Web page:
Did you know that approximately 13% of drivers across the country fail to carry auto insurance coverage? Last week, we discussed what can happen to you if you get caught out on the road without car insurance. But what happens if you’re fully covered and you wind up in an accident with someone who isn’t? Hopefully, you’ll never be in an accident with an uninsured driver—but if you are, it’s important that you know how to react.
Stay on the Scene
Typically, you’d simply exchange your insurance information with the driver and file the appropriate claims—but when the other driver isn’t insured, your best bet is to get as much contact information from him or her as possible and staying on the scene until police arrive.
If the person who hit you flees the scene, do not chase after them. Instead, try to get an accurate description of the driver and the vehicle (as well as a license plate, if possible) to provide to police.
File a Police Report
Whether you live in a no-fault state or not, you’ll want to file a formal police report any time you’re involved in an auto accident with an uninsured driver. Should you decide to file charges or seek reimbursement from the driver down the road, you’ll need to have a police report on file. A police report will also confirm that the other driver did not have insurance at the time of the accident.
Contact Your Insurance Agent
Once you’ve filed your police report, it’s time to call your own auto insurance agent to report the accident. This is also a good time to review your policy details for underinsured/uninsured motorist coverage. Many states require drivers to carry this type of coverage along with their standard insurance coverage—and it can help to cover some expenses related to your accident.
Typically, underinsured/uninsured motorist coverage doesn’t cover medical expenses, but it can help with property damage costs. If you have this type of coverage, your insurance agent will walk you through the process of filing your claim. In most cases, you’ll need to obtain a copy of the police report to get started.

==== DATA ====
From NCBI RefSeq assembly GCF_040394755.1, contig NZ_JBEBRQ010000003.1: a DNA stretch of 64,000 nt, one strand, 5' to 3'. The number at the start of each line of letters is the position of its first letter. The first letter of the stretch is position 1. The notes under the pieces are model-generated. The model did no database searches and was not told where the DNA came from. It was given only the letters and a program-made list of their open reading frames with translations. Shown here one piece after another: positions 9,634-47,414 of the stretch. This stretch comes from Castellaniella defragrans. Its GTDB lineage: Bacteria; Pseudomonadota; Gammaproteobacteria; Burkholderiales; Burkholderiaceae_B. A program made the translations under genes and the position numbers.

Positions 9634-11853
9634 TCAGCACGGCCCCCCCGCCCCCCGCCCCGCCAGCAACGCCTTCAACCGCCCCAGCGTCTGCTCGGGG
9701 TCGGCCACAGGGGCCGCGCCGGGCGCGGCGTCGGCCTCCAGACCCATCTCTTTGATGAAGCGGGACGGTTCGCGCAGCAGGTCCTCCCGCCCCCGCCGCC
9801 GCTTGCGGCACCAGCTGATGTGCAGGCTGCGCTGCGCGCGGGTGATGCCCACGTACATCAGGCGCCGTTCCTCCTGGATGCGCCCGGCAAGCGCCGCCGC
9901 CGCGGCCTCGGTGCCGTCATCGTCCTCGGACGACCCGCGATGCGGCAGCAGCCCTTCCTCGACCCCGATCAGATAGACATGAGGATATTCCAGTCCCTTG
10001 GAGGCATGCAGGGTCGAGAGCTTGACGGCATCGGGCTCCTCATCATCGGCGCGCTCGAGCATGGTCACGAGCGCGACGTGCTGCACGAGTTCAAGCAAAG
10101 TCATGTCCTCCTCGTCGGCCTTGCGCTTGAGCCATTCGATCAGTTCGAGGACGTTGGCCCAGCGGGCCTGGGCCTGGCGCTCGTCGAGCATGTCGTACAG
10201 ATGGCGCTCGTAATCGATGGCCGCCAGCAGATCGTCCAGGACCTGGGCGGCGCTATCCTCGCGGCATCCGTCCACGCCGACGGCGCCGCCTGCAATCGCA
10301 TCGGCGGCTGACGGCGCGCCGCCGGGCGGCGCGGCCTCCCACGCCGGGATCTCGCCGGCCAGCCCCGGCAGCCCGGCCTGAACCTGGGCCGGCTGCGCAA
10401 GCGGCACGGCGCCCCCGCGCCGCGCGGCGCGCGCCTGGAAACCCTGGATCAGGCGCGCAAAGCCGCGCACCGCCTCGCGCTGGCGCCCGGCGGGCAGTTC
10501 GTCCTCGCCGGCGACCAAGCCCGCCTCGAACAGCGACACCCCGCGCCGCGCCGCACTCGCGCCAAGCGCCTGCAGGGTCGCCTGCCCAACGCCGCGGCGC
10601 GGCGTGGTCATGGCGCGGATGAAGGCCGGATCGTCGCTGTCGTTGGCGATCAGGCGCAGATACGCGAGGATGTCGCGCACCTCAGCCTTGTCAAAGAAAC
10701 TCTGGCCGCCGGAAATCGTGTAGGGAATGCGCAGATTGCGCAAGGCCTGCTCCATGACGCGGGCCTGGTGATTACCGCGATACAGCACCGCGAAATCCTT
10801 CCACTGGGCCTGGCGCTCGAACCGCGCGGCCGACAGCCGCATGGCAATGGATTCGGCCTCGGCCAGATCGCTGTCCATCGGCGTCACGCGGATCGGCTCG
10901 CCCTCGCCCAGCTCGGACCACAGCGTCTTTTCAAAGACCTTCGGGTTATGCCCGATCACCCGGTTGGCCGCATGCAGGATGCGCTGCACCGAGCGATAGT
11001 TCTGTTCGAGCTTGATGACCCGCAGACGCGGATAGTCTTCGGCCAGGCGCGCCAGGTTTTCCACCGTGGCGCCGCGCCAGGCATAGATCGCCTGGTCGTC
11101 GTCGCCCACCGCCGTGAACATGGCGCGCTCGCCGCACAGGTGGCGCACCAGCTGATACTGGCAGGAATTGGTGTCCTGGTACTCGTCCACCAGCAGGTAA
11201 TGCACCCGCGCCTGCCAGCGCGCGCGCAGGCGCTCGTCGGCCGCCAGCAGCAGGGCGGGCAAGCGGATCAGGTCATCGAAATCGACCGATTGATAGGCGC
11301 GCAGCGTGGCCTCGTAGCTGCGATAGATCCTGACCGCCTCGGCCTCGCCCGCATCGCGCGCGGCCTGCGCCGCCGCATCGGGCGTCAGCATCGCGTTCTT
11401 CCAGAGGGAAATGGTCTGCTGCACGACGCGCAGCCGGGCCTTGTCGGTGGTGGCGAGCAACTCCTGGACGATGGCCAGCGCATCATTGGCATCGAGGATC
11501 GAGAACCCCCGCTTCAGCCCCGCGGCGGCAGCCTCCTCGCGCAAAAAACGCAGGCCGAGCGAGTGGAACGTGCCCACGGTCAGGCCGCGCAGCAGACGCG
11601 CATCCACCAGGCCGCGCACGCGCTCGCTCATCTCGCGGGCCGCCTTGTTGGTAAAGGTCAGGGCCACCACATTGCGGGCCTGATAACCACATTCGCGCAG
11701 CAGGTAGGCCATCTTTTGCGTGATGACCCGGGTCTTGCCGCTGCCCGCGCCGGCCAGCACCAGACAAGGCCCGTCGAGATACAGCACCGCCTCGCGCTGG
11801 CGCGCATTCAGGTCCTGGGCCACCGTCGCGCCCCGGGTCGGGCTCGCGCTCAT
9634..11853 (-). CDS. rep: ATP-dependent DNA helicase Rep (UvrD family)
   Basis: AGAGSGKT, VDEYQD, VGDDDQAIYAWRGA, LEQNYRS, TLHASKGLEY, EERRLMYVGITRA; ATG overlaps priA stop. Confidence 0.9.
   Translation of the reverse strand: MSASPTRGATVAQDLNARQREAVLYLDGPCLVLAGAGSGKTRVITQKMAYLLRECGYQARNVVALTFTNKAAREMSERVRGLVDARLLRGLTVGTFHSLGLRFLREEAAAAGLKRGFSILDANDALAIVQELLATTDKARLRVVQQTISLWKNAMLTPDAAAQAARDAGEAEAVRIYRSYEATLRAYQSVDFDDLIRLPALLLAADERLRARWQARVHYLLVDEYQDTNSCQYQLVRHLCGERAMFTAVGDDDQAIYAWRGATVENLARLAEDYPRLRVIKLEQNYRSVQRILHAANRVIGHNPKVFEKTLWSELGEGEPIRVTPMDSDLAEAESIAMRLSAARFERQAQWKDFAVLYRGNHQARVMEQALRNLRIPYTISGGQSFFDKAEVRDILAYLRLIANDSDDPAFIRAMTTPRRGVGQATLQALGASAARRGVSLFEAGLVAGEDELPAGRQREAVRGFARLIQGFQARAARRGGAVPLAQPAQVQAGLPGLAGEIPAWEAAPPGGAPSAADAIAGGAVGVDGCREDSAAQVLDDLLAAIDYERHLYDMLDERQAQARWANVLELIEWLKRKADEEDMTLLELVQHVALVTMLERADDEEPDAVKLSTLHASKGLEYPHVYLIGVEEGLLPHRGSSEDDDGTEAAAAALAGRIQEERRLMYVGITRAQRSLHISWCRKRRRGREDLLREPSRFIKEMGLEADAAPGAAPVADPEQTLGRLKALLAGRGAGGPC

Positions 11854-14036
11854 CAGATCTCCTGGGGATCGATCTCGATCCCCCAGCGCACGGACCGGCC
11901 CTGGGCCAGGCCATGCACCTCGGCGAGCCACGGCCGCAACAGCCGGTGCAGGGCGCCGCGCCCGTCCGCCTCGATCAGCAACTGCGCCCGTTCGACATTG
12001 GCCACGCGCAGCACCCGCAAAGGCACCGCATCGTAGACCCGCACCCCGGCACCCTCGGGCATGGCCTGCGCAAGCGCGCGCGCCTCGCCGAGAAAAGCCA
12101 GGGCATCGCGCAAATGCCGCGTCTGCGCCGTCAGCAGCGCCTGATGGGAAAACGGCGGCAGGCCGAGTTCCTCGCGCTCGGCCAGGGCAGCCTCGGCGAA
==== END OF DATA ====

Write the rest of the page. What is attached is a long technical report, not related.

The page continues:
Consider Filing Charges
If you still have leftover expenses after your car insurance has paid out, you may want to consider filing charges and seeking reimbursement from the uninsured driver who caused the accident in the first place. This may be recommended in situations where you have medical expenses or related costs that were not covered by your own insurance in the accident. If you decide to go this route, you’ll want to consult with an experienced attorney.
Being in an accident with an uninsured driver can be a real headache, but it’s important to understand your options. For more information or to make sure you have the coverage you need to protect against uninsured drivers, contact the Daniels team today.
About Daniels Insurance, Inc.
At Daniels Insurance, Inc., we have a unique understanding of the risks that businesses like yours face on a regular basis. With the backing of our comprehensive coverages and our dedication to customer service and quick claims resolution, your business will be fully protected. For more information, contact us today at (855) 565-7616.